A closer look at three of the Bulls' many issues

  • Chicago Bulls forward Lauri Markkanen blocks a pass meant for Brooklyn Nets guard Joe Harris during the first half of the game Saturday at United Center.

    Chicago Bulls forward Lauri Markkanen blocks a pass meant for Brooklyn Nets guard Joe Harris during the first half of the game Saturday at United Center. Associated Press

Updated 11/17/2019 7:10 PM

The Bulls took the day off and have three home games coming up in the next five days, so this is a good time for some Sunday thoughts.

• What's wrong with Lauri Markkanen has been one of the prevailing questions. Readers of this paper were warned not to get too excited about his 35 and 17 game on opening night, since he had a huge size advantage against Charlotte defenders P.J. Washington and Miles Bridges.


I went back and watched some Markkanen highlights from his good stretch last season. That lasted roughly from Jan. 27 to Mar. 5, a 16-game stretch where he averaged 23.6 points and 13.0 rebounds, which are elite numbers if done over a full season.

There isn't a huge difference in what Markkanen was doing back then. He averaged 6.9 attempts from 3-point range, compared to 6.0 this season.

Sometimes there's confusion about Markkanen being a great long-range shooter. He's not. He shot 34.5 percent from 3 during his killer 16-game stretch, but has dropped to 28.2 percent this season. He's at 35.4 percent for his NBA career from 3.

Last year, Markkanen scored most of his points either from the 3-point line, or by faking the shot and driving inside. He'd take a couple of midrange fadeaways, typically. One thing missing this year is putback baskets. During his hot streak, Markkanen averaged 3.4 second-chance points per game. This season, he's at 1.5.

And Markkanen looked like he was moving better and played with more confidence last season. That has me wondering if that oblique injury is really bothering him. There are times when it looks like he's avoiding contact.

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Maybe he needs a few days off. That would give the Bulls a chance to see how Thad Young operates with the starting lineup, although the Bulls are already thin inside. And Markkanen's oblique injury happened in the sixth game of the season, after his slow start was well under way. So rest isn't a foolproof solution.

• Not sure we've seen anything quite like Coby White's first 13 games in the NBA. His big fourth quarter against the Knicks last week electrified fans at the United Center, and on Saturday, there was a buzz every time he touched the ball or looked at the rim.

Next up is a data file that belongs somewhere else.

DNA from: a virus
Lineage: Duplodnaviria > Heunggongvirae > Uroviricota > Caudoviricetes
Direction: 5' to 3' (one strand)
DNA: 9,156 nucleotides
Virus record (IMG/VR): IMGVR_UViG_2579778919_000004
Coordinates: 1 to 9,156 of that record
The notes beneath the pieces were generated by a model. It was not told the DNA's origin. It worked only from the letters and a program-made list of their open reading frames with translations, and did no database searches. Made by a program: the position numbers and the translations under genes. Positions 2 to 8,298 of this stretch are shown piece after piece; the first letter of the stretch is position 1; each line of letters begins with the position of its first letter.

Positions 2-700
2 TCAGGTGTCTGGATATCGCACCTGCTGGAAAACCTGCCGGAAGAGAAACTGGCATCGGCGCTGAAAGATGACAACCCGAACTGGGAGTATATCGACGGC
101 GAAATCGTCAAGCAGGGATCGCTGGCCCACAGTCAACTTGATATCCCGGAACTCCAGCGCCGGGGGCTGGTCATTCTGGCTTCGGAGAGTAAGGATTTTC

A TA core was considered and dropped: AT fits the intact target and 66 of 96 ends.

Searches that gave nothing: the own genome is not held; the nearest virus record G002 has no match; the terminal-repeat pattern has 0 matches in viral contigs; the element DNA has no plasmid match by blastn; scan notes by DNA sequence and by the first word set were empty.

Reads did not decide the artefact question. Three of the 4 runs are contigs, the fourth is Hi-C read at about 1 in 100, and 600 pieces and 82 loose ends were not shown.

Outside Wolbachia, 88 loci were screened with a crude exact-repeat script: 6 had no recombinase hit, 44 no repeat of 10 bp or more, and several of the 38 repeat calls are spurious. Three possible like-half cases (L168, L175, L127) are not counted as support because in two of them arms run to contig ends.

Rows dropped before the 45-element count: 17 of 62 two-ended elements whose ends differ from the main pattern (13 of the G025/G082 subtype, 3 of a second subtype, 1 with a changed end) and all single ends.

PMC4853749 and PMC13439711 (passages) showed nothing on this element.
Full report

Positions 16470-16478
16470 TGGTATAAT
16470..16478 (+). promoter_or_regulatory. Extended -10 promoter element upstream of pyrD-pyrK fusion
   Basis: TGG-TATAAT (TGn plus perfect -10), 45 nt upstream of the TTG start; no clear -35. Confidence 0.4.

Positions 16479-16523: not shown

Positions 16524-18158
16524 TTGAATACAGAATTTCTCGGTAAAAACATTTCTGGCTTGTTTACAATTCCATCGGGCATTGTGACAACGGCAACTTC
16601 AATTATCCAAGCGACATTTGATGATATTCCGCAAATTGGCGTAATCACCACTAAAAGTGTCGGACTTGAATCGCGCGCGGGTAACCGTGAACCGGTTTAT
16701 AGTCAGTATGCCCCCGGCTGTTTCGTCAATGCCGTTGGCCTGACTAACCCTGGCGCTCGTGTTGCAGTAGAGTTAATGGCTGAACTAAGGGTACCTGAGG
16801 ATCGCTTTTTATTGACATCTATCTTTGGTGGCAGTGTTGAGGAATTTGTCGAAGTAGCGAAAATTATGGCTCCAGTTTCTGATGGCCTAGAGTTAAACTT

But so far, he's been the ultimate feast or famine player. He's either setting records or missing everything.

During the fourth quarter against New York, followed by the first half at Milwaukee -- three consecutive quarters -- White hit 12 of 16 3-pointers

Hitting 12 3-pointers in a game would qualify as the third-best performance in NBA history. The record was set in Chicago last season by Klay Thompson, who went 14-for-24.


So White is something special, right? Well, maybe -- except if you take away that 12-for-16, White has shot 14.5 percent from 3-point range since the third game of the season, 8 for 55.

Will the White heroics start happening more frequently? Who knows? There weren't any on Saturday when the Bulls lost to Brooklyn.

One bright spot with White is he's pretty good defensively. He ranks third on the team in both plus-minus and net rating, behind Wendell Carter Jr. and Otto Porter.

• Zach LaVine expressed some frustration after Saturday's game with the Bulls offense, which looks good at times, can get really stagnant at times, and hasn't featured a lot of accurate 3-point shooting.

But LaVine's comments also explain a story line of the season. The Bulls have a new system, two new assistant coaches who brought ideas from 3-point heavy teams Brooklyn and Houston, and some new players.

There's been a big learning curve so far, probably greater than anyone on the Bulls' expected. So while this team has plenty of issues, there is time to figure it out. The Bulls are 4-9 and as of Saturday, a 5-7 record was good enough to tie for eighth place in the East.

The newcomers haven't fit in very well, and that includes last year's acquisition Porter, who is out with a foot sprain. Tomas Satoransky hasn't made much of a splash and often ends up relinquishing playing time to Kris Dunn or Ryan Arcidiacono when coach Jim Boylen wants keep the energy level high.

Luke Kornet doesn't have the speed to stay on the floor and was dropped from the rotation in the last three games. Young has been fine, but he plays the same position as Markkanen, which makes it tough to get him on the floor in crunchtime. Boylen can use Markkanen at center, but then that takes away Carter, who has easily been the Bulls' best player so far.

Improvement may never arrive with this group, but it is definitely a work in progress.

Twitter: @McGrawDHBulls


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